The antihormonal therapy of breast cancer patients with the antiestrogen tamoxifen often induces or aggravates menopausal complaints. As estrogen substitution is contraindicated, herbal alternatives, e.g. extracts of black cohosh are often used.
A prospective observational study was carried out in 50 breast cancer patients with tamoxifen treatment. All patients had had surgery, most of them had undergone radiation therapy (87%) and approximately 50% had received chemotherapy. Every patient was treated with an isopropanolic extract of black cohosh (1-4 tablets, 2.5 mg) for 6 months. Patients recorded their complaints before therapy and after 1, 3, and 6 months of therapy using the menopause rating scale (MRS II).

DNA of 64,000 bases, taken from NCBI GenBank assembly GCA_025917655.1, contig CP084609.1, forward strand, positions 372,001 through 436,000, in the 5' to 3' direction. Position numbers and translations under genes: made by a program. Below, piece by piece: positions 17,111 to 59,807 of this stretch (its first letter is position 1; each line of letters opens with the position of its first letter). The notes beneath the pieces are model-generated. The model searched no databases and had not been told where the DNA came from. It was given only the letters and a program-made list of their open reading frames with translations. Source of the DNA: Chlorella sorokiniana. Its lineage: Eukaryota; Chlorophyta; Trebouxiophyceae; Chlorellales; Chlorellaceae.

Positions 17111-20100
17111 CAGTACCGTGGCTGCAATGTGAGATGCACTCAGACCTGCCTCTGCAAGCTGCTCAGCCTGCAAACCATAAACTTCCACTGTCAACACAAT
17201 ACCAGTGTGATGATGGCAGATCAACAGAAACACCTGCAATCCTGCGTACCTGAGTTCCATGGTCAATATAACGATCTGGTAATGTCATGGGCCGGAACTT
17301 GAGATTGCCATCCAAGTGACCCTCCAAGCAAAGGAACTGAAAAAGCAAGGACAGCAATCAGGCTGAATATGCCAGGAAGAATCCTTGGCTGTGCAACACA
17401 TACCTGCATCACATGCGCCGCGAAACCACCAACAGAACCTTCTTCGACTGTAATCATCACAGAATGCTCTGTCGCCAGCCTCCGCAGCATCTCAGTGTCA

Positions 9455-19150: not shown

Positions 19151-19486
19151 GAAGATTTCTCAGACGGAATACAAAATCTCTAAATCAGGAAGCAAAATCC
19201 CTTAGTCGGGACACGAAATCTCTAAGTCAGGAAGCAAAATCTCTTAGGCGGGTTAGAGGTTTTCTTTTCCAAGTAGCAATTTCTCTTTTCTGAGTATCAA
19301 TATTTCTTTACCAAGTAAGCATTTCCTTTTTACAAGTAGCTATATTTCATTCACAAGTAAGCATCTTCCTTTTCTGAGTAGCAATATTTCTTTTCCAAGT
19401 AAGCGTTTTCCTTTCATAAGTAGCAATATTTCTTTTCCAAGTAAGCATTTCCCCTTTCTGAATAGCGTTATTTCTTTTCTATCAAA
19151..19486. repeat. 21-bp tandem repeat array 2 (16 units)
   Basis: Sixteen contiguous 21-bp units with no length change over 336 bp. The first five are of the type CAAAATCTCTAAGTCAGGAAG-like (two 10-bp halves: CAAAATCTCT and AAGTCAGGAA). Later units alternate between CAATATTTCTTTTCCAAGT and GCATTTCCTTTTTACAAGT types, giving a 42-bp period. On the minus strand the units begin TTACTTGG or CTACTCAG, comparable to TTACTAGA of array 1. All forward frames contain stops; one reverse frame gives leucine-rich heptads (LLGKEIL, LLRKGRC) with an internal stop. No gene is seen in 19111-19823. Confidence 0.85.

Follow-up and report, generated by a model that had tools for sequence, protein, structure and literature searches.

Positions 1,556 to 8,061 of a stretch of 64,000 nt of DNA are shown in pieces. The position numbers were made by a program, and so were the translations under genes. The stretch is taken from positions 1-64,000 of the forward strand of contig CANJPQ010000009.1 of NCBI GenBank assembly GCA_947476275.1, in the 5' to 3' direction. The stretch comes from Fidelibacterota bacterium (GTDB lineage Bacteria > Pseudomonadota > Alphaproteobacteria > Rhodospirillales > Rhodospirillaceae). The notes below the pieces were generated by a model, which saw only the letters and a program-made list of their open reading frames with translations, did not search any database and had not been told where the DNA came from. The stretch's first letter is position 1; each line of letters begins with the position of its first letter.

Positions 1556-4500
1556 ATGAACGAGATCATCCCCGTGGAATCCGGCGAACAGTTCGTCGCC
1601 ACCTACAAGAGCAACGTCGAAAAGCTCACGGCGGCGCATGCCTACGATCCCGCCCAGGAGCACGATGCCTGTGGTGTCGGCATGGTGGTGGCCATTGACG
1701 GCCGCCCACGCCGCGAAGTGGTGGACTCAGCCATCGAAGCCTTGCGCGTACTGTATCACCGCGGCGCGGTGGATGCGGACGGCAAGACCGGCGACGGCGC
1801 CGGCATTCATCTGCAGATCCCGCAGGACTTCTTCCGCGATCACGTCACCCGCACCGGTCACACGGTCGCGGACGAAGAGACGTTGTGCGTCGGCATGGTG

The reduction of the total MRS II score under black cohosh treatment from 17.6 to 13.6 was statistically significant. Hot flashes, sweating, sleep problems, and anxiety improved, whereas urogenital and musculoskeletal complaints did not change. In all, 22 patients reported adverse events, none of which were linked with the study medication; 90% reported the tolerability of the black cohosh extract as very good or good.
Black cohosh extract seems to be a reasonable treatment approach in tamoxifen treated breast cancer patients with predominantly psychovegetative symptoms.